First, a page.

Climate activists up the pressure on Md. lawmakers as session starts

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Six Maryland environment professors penned a letter to the presiding officers of the General Assembly this week, imploring them to commit to reducing climate pollution in Maryland by 60% below 2006 levels by 2030. They cited recommendations by the Intergovernmental Panel on Climate Change (IPCC), which released a major report last summer revealing that drastic reductions in emissions are urgent and necessary to prevent a climate catastrophe.

“Just last year, Maryland experienced five separate billion-dollar weather and climate disasters, including hurricanes and tropical storms. Maryland’s 3,000 miles of tidal shoreline are vulnerable to sea level rise and retreating shores, threatening habitat, agriculture, and communities,” the scientists wrote in a letter, with the support of the Chesapeake Climate Action Network (CCAN).

“We need to do more and we need to do it now. Maryland is uniquely situated as a state that is both particularly vulnerable to climate change and well-positioned to mitigate it,” they continued.

The letter was signed by Donald Boesch and Eric A. Davidson, who are professors at the University of Maryland Center for Environmental Science; David Vanko, dean of the College of Science & Mathematics at Towson University; Belay Demoz, director of the Joint Center for Earth Systems Technologies at the University of Maryland Baltimore County; and Darryn Waugh and Thomas Haine, who are on the faculty at Johns Hopkins University.

To reach a 60% emission reduction goal, Maryland should electrify transportation like school buses and require all new building construction to be electric by next year, Victoria Venable, the Maryland director for CCAN, said.

Last year, senators proposed a 60% greenhouse gas reduction by 2030 while the House supported a 50% reduction goal, contending that there was not enough evidence behind the 60% reduction target.

Leading Democrats in the House and Senate have said that passing aggressive climate legislation is among their top priorities of this year’s General Assembly session. The Senate appears to be proceeding with one all-encompassing climate bill, while the House will tackle the threats from climate change in smaller chunks.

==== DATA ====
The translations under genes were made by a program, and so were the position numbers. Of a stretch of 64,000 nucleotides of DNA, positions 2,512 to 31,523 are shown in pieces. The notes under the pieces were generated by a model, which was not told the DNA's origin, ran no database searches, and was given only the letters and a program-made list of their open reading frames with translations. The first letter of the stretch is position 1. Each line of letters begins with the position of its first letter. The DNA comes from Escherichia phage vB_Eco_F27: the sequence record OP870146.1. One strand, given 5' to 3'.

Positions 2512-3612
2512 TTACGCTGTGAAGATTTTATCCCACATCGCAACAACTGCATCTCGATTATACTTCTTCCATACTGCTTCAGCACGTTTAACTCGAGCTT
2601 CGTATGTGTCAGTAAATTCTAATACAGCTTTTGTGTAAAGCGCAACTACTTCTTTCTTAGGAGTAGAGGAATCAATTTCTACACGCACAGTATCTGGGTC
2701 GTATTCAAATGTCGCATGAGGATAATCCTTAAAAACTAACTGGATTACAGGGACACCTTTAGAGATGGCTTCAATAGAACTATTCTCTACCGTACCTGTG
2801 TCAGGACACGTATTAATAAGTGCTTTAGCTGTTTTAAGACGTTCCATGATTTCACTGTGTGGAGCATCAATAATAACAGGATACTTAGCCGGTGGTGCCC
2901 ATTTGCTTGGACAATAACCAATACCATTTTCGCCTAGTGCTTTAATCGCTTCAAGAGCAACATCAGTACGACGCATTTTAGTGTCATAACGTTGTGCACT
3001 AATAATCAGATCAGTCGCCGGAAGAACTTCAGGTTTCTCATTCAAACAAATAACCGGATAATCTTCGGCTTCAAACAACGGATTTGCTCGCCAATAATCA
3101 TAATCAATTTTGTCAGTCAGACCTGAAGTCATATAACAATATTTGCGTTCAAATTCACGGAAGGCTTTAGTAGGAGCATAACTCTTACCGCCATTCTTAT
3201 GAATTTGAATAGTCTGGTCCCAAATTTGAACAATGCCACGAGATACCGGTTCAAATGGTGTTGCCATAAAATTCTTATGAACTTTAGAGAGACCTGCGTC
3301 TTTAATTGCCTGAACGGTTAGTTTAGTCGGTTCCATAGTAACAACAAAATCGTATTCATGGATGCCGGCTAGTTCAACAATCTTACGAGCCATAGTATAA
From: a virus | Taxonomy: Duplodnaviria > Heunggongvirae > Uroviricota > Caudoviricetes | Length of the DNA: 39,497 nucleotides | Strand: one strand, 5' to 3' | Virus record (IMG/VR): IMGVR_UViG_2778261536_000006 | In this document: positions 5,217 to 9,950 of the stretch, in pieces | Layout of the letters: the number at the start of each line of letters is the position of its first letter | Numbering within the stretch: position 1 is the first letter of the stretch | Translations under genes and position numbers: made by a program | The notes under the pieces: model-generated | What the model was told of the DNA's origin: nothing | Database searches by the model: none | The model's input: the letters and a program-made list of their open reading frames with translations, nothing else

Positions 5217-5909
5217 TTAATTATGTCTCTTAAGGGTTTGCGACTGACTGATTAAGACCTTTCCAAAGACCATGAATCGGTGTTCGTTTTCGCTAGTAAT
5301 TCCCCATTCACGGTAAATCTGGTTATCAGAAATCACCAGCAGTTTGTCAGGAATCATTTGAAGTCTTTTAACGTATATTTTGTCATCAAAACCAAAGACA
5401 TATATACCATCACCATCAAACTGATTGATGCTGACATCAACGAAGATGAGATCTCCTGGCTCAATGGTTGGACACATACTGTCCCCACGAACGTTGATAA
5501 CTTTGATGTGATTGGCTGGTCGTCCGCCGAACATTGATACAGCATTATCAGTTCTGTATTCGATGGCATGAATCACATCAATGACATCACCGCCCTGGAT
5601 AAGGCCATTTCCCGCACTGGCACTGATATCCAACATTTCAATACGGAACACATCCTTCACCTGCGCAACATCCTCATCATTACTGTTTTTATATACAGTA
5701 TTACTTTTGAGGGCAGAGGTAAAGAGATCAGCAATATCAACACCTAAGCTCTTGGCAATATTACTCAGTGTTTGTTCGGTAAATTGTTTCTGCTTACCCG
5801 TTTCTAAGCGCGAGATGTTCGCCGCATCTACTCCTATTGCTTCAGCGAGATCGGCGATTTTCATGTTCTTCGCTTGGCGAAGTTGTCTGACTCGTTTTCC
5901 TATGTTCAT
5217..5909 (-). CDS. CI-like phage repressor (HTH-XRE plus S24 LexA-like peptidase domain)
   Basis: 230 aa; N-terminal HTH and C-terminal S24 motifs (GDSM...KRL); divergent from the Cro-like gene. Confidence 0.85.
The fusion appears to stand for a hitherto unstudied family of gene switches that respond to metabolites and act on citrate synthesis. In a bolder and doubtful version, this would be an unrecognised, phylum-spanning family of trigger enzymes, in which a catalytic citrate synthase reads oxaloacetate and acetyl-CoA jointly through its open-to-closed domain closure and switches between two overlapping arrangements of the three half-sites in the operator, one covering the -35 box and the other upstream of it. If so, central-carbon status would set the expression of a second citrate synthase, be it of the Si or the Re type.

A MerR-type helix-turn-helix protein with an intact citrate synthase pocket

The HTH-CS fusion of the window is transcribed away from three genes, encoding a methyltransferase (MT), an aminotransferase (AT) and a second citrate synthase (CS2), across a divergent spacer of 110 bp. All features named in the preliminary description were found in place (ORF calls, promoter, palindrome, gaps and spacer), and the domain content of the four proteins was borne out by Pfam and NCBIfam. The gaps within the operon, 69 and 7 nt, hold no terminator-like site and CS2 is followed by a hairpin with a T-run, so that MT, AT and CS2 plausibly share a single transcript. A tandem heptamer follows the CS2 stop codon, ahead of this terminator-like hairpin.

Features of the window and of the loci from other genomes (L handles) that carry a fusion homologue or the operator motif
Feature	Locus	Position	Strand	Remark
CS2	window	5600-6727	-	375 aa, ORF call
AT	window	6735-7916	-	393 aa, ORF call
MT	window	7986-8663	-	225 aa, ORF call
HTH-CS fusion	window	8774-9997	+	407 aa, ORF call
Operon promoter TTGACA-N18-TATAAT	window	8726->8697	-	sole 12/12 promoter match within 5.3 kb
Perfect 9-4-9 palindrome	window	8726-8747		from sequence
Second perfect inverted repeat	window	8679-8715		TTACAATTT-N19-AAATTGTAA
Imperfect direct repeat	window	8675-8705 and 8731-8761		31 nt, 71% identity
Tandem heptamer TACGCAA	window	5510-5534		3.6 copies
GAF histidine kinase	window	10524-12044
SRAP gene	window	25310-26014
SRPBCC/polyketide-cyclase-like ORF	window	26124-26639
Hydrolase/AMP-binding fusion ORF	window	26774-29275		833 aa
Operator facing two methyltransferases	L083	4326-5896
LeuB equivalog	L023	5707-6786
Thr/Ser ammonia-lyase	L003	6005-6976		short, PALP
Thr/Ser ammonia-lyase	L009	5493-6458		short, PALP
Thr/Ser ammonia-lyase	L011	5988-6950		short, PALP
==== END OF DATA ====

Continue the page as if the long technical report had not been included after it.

Senate Minority Leader Bryan W. Simonaire (R-Anne Arundel) said in a news conference this week that his caucus is willing to work with lawmakers who sponsor legislation addressing climate change, but as long as it does “not go to the extremes.” He said there will be a bill this year that “puts a lockbox” on the Chesapeake Bay Trust Fund, a fund that climate bill sponsors intended to use to fund climate change initiatives.

On the first day of the legislative session Wednesday, climate activists staked out a strategic location on Lawyers Mall in front of the State House as lawmakers were walking to their noon-time floor sessions. They set out 100 empty plastic chairs to symbolize the 100 people worldwide who die from extreme weather and climate change every six hours, according to the World Health Organization.

“Most people believe it’s a wild undercount,” said Mike Tidwell, CCAN’s executive director.

Environmental groups are expected to continue to intensify their lobbying efforts over the next few weeks.

“We expect a bill to pass and we’re making the point that Maryland has fallen not just behind but significantly behind compared to D.C. and Virginia in the past few years,” Tidwell said.

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